Item description for African Renaissance, November/December 2006 by (Patrick) Adibe Jideofor...
In the September/October 2006 issue of the journal, we focused on Somalia, a failed state, and posed number fundamental questions: why did Somalia fail as a state? Should the failed state be reconstituted as one nation or should different nations be allowed to emerge from the ashes of the collapsed state? What are the challenges facing the state reconstitution efforts? And what are the implications of all these for the current democracy and development projects in Africa? In this issue we focus on African culture/philosophy and its possible relationship with the current crises of governance and development in the continent. While we are aware of the limitations of a unicausal mode of analysis, we nonetheless feel that the issue of African culture/ philosophy has not been given adequate attention in the analyses of the current crises in which the continent is enmeshed. Our interest is to find answers to some crucial questions: Are the current crises of governance and development in the continent facilitated by African culture and philosophy of life? Or are they the result of lack of, or insufficient incorporation of these into the models of development and governance imported into the continent from outside? Are these imported models of governance and development culturally and philosophically neutral? Garba Diallo believes that the current governance and development crises in Africa have their roots in the colonial origin of African states, arguing that not only have the imposed models not worked, but that they were actually not meant to work. He contends that "remedies will be sought by reaching back to an indigenous, pre-colonial form of African political philosophy" and prescribes the indigenous South African notion of ubuntu, which describes the essence of being human through other human beings, as worthy of examination. For him, through Ubuntu, "a uniquely African contribution to the concept of the global village will be more visible and recognised." He also notes that in Rwanda, the government and people are tapping into the indigenous Gacca community court process to deal with the aftermath of the 1994 genocide. Bhekinkosi Moyo argues that there is "there is a tension between African culture and modern conceptions of development, democracy and governance," and that this tension "is not so much about what is best but about 'cultural ownership'". He argues that there is a clash between 'African cultural methodologies' and what have increasingly become conceptions of 'modernity' such as globalization, democratization, human rights, privatization, economic integration and trade, and noted that this clash is often resolved in favour of modernity. Focusing on parliamentary democracy in Africa, he contends that the critical question is how parliaments in Africa be strengthened in such a way that they have meaning to Africans. He believes that parliamentary "democracy has not developed deep roots in Africa simply because it has not been 'Africanised'", and argues that in most African countries, "because parliaments are disconnected from the citizens, there is generally confusion on what the role of a parliamentarian is." Gerrie Stewart notes that while Africa made impressive strides in eradicating all forms of colonialism, neo-colonialism and racism from the continent, it has failed to "develop and foster a political culture that could fill the massive void that was left by years of oppressive policies." For him therefore "Africa's political culture has posed severe challenges to the continent's development". Uzochukwu J Njoku reflects on assassinations and destructions in Nigeria's political culture and argues that "high profile assassinations and the killings of innocent citizens in Nigeria are products of a political history, which has continued to broaden its frontiers and has (in the course of time) become a culture and modus vivendi." He contends that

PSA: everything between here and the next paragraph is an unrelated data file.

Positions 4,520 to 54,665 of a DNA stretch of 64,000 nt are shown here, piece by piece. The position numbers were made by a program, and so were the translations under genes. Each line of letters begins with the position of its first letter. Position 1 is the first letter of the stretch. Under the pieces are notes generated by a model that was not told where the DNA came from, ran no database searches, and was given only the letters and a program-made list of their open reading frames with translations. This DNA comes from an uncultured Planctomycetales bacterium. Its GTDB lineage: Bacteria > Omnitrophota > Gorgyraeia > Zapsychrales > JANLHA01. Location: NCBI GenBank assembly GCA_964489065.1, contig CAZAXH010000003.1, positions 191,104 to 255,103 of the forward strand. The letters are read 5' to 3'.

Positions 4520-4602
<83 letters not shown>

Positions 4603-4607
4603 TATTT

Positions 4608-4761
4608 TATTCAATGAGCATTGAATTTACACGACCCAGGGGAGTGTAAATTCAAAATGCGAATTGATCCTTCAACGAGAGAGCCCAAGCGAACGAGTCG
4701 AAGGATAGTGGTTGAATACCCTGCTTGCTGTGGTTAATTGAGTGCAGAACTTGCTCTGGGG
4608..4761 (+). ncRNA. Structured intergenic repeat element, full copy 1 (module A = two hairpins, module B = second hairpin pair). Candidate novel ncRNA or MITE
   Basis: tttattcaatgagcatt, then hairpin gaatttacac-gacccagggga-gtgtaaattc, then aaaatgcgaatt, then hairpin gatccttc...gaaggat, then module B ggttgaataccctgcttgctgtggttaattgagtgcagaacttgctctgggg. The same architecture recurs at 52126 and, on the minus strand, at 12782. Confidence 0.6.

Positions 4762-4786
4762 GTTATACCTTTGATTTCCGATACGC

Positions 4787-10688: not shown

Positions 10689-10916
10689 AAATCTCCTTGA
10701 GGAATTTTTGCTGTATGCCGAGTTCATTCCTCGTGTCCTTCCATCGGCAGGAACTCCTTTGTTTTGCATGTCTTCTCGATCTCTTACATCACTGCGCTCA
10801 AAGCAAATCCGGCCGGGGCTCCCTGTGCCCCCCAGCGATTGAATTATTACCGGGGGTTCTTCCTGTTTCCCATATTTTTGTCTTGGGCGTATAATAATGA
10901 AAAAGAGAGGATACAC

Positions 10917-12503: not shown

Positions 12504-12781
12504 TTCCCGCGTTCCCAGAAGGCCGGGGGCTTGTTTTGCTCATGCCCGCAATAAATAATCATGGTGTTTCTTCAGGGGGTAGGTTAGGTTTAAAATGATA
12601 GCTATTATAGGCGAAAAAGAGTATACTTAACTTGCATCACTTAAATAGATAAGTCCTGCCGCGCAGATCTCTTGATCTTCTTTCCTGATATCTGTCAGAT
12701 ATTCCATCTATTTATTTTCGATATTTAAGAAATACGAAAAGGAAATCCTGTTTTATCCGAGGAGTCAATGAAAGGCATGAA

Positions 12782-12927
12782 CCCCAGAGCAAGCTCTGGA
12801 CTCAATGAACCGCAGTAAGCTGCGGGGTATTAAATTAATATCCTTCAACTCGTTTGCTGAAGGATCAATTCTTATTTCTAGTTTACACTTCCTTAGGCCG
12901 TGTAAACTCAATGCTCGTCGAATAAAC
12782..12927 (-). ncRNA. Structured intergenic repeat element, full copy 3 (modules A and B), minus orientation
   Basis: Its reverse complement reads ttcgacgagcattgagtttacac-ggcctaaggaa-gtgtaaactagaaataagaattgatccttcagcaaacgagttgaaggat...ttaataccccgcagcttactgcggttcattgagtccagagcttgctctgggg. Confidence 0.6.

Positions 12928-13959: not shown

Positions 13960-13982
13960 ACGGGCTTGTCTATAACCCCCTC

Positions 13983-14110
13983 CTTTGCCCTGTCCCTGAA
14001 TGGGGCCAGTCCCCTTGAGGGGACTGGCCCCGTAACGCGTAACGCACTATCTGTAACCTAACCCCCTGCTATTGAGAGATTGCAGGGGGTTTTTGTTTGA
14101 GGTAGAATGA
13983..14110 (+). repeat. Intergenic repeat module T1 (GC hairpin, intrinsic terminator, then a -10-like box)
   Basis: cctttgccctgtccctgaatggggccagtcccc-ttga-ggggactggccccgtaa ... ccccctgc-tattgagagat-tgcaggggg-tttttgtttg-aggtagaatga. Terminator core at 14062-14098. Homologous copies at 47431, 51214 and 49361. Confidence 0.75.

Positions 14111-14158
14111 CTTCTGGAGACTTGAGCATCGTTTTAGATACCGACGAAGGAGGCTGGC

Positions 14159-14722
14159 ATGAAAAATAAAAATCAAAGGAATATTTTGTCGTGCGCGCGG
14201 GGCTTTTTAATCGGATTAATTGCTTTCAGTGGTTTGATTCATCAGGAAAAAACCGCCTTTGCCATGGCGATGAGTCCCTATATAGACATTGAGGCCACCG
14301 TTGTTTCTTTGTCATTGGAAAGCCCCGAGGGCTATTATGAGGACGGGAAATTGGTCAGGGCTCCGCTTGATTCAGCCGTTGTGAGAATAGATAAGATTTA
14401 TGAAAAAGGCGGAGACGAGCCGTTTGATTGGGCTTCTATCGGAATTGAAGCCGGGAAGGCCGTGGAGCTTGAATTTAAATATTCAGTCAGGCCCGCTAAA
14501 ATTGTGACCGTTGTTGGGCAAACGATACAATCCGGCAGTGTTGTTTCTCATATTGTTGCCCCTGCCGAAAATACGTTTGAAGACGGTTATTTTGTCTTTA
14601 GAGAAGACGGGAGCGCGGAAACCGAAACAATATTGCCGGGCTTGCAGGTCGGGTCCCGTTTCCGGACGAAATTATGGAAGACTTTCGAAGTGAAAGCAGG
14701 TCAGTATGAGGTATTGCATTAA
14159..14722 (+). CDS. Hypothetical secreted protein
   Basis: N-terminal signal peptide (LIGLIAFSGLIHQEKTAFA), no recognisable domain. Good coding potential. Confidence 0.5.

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Est. Packaging Dimensions: Length: 9.21" Width: 6.14" Height: 0.26" Weight: 0.41 lbs.
Release Date Nov 30, 2006
Publisher Adonis & Abbey Publishers Ltd
ISBN 1905068662 ISBN13 9781905068661
Availability 128 units. Availability accurate as of Oct 24, 2016 07:43.
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